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Archive for the ‘Advertising’ Category

It’s come to my attention that I’ve been a naughty blogger and have completely ignored by blog for the last few months. Well, in my defense, I’ve been a little busy. Graduating from college became my priority, much to the chagrin of my social life and this blog. So, here’s the low down on what I’m up to these days:

1) I’m a college graduate – That’s right, no longer a “Senior advertising student at the University of St. Thomas”, I’m now (gasp) an alumni. It’s weird but it feels unbelievably good. A weight has been lifted. No more papers or ridiculous assignments. Don’t worry, plenty of people have told me I’ll miss college more than I think. In a way I already do. I miss the fun of freshman year but don’t think I’ll every miss nightmare group projects or not capstone senior papers.

2) I’m working at Periscope – Today was my first full-time day. I’m helping to craft social media strategy for some fantastic consumer brands. Most of my past experience has been more B2B and was not nearly as exciting as the projects I’m working on now.

3) I’m living at home – Back in Forest Lake. It’s not St. Paul or Minneapolis but there’s AC, a washer/dryer and a fully stocked fridge (luxuries I haven’t had for 3 years).  Driving my mom’s minivan to work when my car breaks down is a nice perk too.

4) I’m starting my own #healthrevolution – I no longer have going to the library as an excuse not to go to the gym.  I’m trying to get back in the swing of working out everyday and eating a lot healthier as well. Since I’m back home, I’m getting the whole family involved. They’re on board but turned off by wheat pasta and the words “reduced fat”. It’s not going to be easy but if health isn’t a worthy cause, what is?

5) I need to start training and fundraising for the 3-day –  I’ve raised a whopping $25 out of the  $2,300 I need to raise and it’s only 2 months until I’ll be walking 60 miles in 3-days. If you’d like to help my cause by donating to breast cancer research, I’d greatly appreciate it. http://www.the3day.org/goto/TaraOlson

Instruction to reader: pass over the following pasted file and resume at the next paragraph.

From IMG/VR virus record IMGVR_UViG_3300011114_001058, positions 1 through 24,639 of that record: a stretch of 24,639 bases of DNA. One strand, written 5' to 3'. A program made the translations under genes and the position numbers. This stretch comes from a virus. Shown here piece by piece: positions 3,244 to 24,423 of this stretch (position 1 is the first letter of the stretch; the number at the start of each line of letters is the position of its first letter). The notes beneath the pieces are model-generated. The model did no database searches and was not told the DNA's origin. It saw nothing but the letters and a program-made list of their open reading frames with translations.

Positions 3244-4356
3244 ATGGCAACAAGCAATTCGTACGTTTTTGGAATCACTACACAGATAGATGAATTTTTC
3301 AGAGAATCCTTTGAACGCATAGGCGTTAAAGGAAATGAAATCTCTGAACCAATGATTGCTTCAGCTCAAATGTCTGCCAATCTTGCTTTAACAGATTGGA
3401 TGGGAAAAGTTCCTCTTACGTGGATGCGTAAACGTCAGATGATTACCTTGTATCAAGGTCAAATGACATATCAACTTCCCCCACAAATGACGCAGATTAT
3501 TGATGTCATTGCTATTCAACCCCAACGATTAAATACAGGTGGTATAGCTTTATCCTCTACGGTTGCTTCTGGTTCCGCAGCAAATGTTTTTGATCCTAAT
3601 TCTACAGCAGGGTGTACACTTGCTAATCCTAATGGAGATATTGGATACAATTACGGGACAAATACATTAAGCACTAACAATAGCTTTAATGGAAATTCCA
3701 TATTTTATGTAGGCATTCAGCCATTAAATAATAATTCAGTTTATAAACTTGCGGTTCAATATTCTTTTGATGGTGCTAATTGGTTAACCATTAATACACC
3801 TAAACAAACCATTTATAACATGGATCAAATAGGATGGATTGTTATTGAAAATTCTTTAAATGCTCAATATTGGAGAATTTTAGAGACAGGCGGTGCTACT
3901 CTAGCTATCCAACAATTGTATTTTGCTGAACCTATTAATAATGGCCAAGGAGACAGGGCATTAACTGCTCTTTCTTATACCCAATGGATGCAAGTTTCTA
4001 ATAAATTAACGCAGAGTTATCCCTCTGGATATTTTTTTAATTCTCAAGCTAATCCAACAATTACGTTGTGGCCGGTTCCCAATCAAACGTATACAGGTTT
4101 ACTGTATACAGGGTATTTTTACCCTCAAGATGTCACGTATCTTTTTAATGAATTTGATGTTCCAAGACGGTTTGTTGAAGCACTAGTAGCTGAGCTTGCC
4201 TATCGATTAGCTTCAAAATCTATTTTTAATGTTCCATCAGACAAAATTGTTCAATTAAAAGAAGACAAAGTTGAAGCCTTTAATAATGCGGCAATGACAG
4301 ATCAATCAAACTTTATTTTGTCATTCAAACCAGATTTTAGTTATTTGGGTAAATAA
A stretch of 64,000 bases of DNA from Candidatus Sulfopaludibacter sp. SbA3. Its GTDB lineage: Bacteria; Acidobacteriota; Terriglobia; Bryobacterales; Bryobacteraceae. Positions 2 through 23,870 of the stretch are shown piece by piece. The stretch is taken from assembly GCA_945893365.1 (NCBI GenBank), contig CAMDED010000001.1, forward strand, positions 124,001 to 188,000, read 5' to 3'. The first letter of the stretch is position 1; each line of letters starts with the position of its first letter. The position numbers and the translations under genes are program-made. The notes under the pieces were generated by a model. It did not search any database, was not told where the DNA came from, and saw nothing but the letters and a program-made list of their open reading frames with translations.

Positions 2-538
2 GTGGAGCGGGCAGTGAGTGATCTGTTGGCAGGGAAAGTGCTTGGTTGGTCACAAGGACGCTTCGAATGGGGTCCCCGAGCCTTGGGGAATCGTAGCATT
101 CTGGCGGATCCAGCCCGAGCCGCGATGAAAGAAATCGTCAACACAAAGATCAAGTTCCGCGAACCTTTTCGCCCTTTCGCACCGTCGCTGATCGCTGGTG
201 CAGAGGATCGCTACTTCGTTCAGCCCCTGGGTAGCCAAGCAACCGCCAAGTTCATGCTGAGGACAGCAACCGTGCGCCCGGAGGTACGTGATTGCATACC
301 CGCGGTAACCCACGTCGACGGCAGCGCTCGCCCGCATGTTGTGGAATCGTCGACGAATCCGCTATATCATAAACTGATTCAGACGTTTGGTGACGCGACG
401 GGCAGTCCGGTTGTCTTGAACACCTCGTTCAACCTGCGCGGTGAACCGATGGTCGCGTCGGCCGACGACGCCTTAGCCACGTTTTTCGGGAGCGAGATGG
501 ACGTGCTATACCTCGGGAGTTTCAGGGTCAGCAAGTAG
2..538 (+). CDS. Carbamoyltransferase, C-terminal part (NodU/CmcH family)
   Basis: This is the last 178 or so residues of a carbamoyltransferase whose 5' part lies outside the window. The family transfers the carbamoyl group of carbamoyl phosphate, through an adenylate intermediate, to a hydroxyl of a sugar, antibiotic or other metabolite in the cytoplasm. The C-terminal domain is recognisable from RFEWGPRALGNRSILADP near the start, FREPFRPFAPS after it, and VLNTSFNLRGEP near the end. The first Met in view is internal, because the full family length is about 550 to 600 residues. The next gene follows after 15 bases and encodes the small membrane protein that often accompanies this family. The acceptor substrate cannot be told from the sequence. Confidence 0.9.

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Ad/PR/Marketing friends, please share your thoughts on cause marketing with me by taking this short, 13 question survey http://ow.ly/1uW6E

I’m conducting research for my my mass communication ethics thesis paper, so I can graduate in May!

Thank you much.

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It seems that everyone is talking about the controversial Greenpeace ad attacking Kit-Kat. This ad was recently drawn to my attention by a terrific presentation from Gia Berarducci in my Communication Ethics class.

We were asked: Is the ad ethical? Does Greenpeace have the right to attack Kit-Kat when other companies use palm oil? I don’t have the answer to these questions but I am curious as to what Nestle (owner of Kit-Kat) should do in response.

I am a huge fan of social media but situations such as the one Nestle is in are enough to cause even the most ardent social media fan to question the negative repercussion social media can have on a brand.

For example, check out Nestle’s facebook page and the barrage of negative comments readily available for anyone to see. I’m not blaming consumers for posting comments, or saying Nestle’s response to the complaints is right or wrong, I’m just curious as to what a company should do if faced with a similar situation.

What do you think Nestle should do? If your client were faced with a similar situation what would you do? Does your company have a social media crisis response plan in place?

Would love to know your thoughts!

If you haven’t seen the commercial yet, here it is:

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This is just plain funny. Thanks to Sandy Willats, account planner extroardinaire at Martin Williams for sharing!

Sandy used this ad as an example of how advertisers should “challenge assumptions”, the first step of creating Martin William’s signature 20 Ton Ideas. This ad re-frames what gum is all about and captures a human connection, not just how chewy or minty the gum is.